Ducks help farmers grow rice: |
-An attempt at growing rice in an environment-friendly way-
If nature's way is best, then we'll see how practical it is. The reason why Takeshi Kamada, a rice farmer in Miyazaki Town, a rural farming community to the northwest of Sendai Clty, decided to use ducks to help grow rice is simple - "it sounded like fun." This year, Kamada will release two thousand ducks in ten hectares of rice fields which he plans to cultivate with other farmers who have signed up to try out this new attempt at sustainable agriculture. The farmers will see to it that the ducks will eat as many of the weeds as they wish so the farmers will not have to weed the fields themselves. Rice is by far the largest cash crop in Japan's agriculture. But due to the continuous reliance on chemicals, some observers say that the soil in many of the Japanese farmlands has lost much of its potential power to produce. Weeding in the rice paddies is an important, but a time-consuming task. The use of herbicides, therefore, is commonly practiced across the nation, aggravating the soil even more. Kamada's attempt is one that aims to unlink from the easy reliance on Chemicals and to practice sustainable agriculture while making the best use of nature's power.
According to Prof. Tsuyoshi Honda of Miyagi University of Education, ducks are released in the rice paddies about ten days after planting the rice seedlings. Fifteen to twenty ducks will be assigned to ten acres of paddy, where they will feed on all the plant growths but rice. "The stalks of rice plants are harder than those, so the ducks don't want to eat them," explained Honda. In order to prevent the ducks from flying away and to protect them from attacks by stray dogs and weasels, the fields must be covered by nets.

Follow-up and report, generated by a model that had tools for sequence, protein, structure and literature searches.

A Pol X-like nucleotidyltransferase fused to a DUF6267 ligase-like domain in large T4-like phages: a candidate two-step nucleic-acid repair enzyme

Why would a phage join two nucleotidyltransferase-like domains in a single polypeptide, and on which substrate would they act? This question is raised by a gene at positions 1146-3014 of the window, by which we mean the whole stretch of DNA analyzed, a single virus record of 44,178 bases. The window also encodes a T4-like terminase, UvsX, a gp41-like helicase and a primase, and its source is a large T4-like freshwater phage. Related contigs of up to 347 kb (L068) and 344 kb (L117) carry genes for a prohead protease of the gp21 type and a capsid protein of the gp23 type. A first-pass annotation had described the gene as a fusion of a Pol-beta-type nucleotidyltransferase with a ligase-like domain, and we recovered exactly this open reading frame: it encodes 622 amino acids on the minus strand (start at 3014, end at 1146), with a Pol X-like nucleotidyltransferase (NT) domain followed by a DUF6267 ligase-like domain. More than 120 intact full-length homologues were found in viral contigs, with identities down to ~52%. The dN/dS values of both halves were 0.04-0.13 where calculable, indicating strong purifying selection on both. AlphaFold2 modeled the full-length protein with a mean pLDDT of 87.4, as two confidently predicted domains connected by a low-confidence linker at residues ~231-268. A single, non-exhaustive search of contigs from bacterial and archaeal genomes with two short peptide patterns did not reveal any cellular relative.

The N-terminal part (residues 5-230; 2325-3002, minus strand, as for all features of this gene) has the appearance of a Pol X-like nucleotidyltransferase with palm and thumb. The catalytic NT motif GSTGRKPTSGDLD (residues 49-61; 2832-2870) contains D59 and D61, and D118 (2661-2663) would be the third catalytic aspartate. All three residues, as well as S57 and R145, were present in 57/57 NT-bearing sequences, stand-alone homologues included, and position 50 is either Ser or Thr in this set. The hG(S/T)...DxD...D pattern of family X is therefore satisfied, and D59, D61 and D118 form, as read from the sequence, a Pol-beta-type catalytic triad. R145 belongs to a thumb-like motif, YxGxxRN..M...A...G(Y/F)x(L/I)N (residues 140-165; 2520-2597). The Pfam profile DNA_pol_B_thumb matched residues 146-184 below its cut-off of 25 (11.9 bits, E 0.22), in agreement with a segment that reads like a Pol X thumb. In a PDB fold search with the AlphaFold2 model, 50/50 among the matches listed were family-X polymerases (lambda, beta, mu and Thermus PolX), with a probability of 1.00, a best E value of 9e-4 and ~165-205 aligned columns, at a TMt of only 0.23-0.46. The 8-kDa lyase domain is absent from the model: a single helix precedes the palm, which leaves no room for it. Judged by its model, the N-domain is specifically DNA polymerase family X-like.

The ducks will feed on insects also, helping to decrease the amount of insecticides at the same time. "Costwise it's still cheaper to use herbicides" said Honda, but added that the soil power will be restored gradually and more wholesome use of land will be possible each year. "In the long run," said Honda, " it may not be so expensive depending on how they manage lt."
Because of its experimental nature, the steps involved in this method of weeding demand further improvements. For instance, the ducks will not be needed once the grains start forming and what then? "It's too much for individual farmers to raise all the ducks on their own," said Honda. One idea would be to keep the ducks together in some fallow fields. Then the farmers' group can manage the flock to bring down the cost. An optimistic Kamada said, however, that he enjoys doing this experiment and trying different possibilities. Last year, the farmers' group smoked some of the duck meat using a smoking machine that the municipal government leased the farmers for free. And this year, the group's smoked duck meat will be introduced to consumers. Among a variety of attempts to cut down the cost, duck lease, something unheard of in all of Japan, was experimented with successful results. A meat processing company up in lwate Prefecture was intrigued by what Kamada was doing and the company offered their ducklings for free in exchange for several months of raising them in the rice fields. Since the ducks will be redeemed by the company, the farmers do not need to trouble themselves about what to do with the birds after the rice harvest.